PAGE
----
I also think when it comes to interoperability; there are people who probably don’t want to deal with interoperability. This forces the issue, which is also good. We’ve still got to sift through and decide about standards and formats and all those things, but putting the notion of interoperability forward is good because ultimately, for me, it drives Clinical Architecture. It’s one of our primary goals, which is about making healthcare more effective and improving patient safety. With interoperability the way it is today, there’s a lot of manual reentry, there’s a lot of free text information, there’s a lot of potential clerical error and human error.
Whereas, if you can increase the fidelity with which systems communicate with each other, and those codes are being exchanged more accurately, you increase the efficiency of the people that are actually trying to manage the movement of data. You increase the accuracy of the data that’s in the patient record. Therefore, when you do clinical decision support, or when you’re looking at things about the patient, you’re actually going to have a better picture of what’s going on. No clinical decision support will help you if you don’t have any coded data that can drive it.
Any final thoughts?
There’s a lot of people that build really good systems, and there’s a lot of people that build a lot of really great content. What I try to do with my contacts in the industry is to push them a little bit and say, “You know, I think we could do better.” I think there are things we can do, and it’s not easy.
Another quick sidebar is I think that one of the things that people aren’t really ready for, which I’m not sure they are, is if we ratchet up the electronic medical record, there’s a lot of housekeeping. In the past, and electronic medical record for a lot of systems, was probably an episodic transitional thing where the patient comes in, they leave, and you might pitch the electronic record until they come back the next time and they fill out the form again. But once you start persisting that and you’re relying on it over time, there’s a lot of housekeeping that goes along with that. There’s a lot of cleanup because the codes are always changing behind the scenes. Information’s always changing, rules are always changing.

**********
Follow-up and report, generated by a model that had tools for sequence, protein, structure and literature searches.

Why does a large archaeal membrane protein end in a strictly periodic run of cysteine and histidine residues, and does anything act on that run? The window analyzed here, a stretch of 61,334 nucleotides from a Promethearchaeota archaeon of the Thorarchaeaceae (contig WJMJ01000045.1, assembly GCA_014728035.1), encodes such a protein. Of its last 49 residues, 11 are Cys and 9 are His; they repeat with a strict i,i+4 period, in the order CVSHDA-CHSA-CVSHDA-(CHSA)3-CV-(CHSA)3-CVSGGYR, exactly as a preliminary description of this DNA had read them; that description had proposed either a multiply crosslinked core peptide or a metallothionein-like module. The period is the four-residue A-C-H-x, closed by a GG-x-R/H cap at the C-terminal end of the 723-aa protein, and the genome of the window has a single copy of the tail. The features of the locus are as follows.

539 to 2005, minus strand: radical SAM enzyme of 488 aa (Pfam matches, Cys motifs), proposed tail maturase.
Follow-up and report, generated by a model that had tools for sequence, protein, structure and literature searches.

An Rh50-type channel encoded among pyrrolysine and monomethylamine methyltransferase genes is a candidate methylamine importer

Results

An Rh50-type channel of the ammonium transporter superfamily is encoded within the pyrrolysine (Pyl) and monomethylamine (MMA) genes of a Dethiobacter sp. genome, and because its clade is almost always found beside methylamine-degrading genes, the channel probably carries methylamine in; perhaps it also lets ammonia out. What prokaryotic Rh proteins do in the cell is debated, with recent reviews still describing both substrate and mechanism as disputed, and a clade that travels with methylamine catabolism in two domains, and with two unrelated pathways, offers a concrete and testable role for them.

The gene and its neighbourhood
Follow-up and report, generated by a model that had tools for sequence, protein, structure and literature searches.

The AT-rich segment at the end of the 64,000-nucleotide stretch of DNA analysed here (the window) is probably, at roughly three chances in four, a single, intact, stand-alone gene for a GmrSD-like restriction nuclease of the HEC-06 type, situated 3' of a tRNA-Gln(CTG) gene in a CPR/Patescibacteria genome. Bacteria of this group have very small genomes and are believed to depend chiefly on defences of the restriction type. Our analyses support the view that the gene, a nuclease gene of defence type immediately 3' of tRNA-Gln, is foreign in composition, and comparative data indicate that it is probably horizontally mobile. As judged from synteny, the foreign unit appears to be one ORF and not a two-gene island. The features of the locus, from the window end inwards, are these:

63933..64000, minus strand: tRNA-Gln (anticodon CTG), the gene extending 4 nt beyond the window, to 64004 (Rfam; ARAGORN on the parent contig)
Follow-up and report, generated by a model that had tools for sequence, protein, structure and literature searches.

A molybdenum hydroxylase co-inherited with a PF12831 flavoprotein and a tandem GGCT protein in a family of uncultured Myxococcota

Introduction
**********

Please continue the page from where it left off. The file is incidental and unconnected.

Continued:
I think the next big thing that’s going to happen to the industry is once they really start persisting and dealing with the reality of the medical record that’s coded and structured, they’re going to have to deal with “how do I make sure that it’s accurate as time goes by” I think that’s going to take a village. That’s where interoperability comes in, because ultimately, your electronic medical record is not just your doctor’s office, not just your pharmacy, not just the hospital. It’s the meaningful combination of all those things put together. It’ll be interesting.